Dances from the Northern Great Plain and Upper Tisza regions. The first dance is a men's stick dance or "botolo" from the northern area of the Great Plain. The hurdy-gurdy or "tekerö" instrument heard is very typical of the region, as are the men's costumes of full gaucho-like pants, called "gatya." The next dance, a girl's karikázo or a cappella circle dance is from Zemplén County in the Upper Tisza region of Hungary and is an original choreography by Sándor Timar. Karikázo were not traditionally considered as dance and could be performed during Lent when dancing was discouraged. The women sing to accompany their dances; some of these songs are humorous and even a bit bawdy. The final set of dances is from Szatmar county, also in the Upper Tisza, in particular the area around the village of Nagyecsed. The first is a "verbunk" or men's dance. A slow couples dance or "csendes csárdás" follows, flowing into a fast or "friss csárdás," reflecting the lively style of the region. Of particular interest are the men's "csapo," or rhythmic slapping sequences throughout the dance, becoming more energetic as the dance concludes.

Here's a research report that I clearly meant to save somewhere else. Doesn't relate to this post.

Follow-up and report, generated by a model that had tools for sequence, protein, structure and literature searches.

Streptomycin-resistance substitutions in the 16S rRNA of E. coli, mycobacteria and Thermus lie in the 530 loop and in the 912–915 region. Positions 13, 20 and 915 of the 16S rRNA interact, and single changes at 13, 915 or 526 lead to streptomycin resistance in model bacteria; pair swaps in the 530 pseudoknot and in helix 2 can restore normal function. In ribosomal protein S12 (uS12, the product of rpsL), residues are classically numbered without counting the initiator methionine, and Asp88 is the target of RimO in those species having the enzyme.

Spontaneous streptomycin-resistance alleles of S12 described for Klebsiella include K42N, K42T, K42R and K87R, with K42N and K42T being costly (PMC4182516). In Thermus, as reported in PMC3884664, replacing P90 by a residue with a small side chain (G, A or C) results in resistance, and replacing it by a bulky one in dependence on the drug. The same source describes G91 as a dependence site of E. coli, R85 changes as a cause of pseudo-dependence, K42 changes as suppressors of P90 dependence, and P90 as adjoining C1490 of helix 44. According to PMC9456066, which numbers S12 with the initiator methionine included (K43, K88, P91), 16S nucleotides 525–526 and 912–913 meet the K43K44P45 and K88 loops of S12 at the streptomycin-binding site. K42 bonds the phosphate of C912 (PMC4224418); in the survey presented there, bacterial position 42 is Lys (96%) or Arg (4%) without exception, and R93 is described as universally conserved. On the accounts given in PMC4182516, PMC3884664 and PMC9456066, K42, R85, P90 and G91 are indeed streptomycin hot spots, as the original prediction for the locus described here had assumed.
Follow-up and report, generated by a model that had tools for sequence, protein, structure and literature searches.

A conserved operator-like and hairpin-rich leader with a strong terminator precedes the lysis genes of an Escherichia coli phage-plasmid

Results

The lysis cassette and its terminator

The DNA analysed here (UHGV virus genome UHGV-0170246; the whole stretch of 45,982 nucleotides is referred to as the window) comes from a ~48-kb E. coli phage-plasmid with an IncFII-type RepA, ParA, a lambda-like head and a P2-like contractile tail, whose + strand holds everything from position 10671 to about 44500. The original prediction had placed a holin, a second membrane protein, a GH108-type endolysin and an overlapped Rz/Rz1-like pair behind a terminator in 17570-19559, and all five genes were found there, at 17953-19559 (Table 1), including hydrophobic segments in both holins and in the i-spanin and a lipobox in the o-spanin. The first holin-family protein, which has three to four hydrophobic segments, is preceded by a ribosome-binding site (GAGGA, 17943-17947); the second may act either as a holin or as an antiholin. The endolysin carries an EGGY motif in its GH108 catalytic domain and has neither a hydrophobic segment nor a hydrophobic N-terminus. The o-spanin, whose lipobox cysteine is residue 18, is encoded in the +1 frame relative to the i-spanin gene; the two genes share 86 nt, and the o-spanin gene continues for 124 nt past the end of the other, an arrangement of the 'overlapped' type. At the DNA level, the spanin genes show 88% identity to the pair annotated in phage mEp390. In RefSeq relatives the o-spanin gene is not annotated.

• Botolo
  • Zempléni Karikázo (Women's Singing Dance)
  • Szatmári Táncok -- Szatmári Verbunk, Csendes Csárdás, Friss Csárdás
Mary Wallace
Suite Directors: Deryl Keney and Sallie Varner
This suite is from the Agri (Ararat) region of southeastern Turkey. Kina Gecesi, meaning "Henna night," refers to the second evening of a three-day wedding event in modern rural Turkey. On this evening, the grandmother of the bride applies henna to the hands of the bride to signify her newly married status. Designs on the hands are produced with string, lentils and coffee beans. This ritual takes place in the bride's home with her female relatives and young friends of the village celebrating the henna night with singing and dancing. Meanwhile, the groom and his male relatives and friends are gathering at his home for the ritual shaving, as well as singing and dancing. The costumes of the women are representative of modern rural Turkish dress: many layers of clothing in bold, bright colors. The musicians play the zurna, a primitive double-reed instrument, and the davul, a large drum.
  • Kaz-Kaz: Kurdish nonsense song comparing a foolish girl to a goose
  • Zeyno
  • Basso
  • Hane
  • Papuri Kiz
LORINCRÉVI TÁNCOK (Transylvania Region)
Joe Kiss
Suite Directors: Wendi Kiss, Sallie Varner
These dances from the Hungarian-speaking village of Lorincréve in Transylvania (also called Leorint) open with two songs about lost love.  In the first dance, a rhythmically complex dance called Pontózo, the men show off using fast footwork combined with percussive slaps.  The men and women join to dance a slow Csárdás called Öreges (old folks' dance), followed by a lively Szapora.  The suite finishes with a return to the exciting Pontózo, with the women joining the men.  Listen for the women calling out csujjogatás or rhyming dance calls.
  • Megyek az Uton Lefelé (song)
  • Kék Ibolya (song)
  • Pontózo
  • Öreges
  • Szapora
  • Pontózo
Polish Suite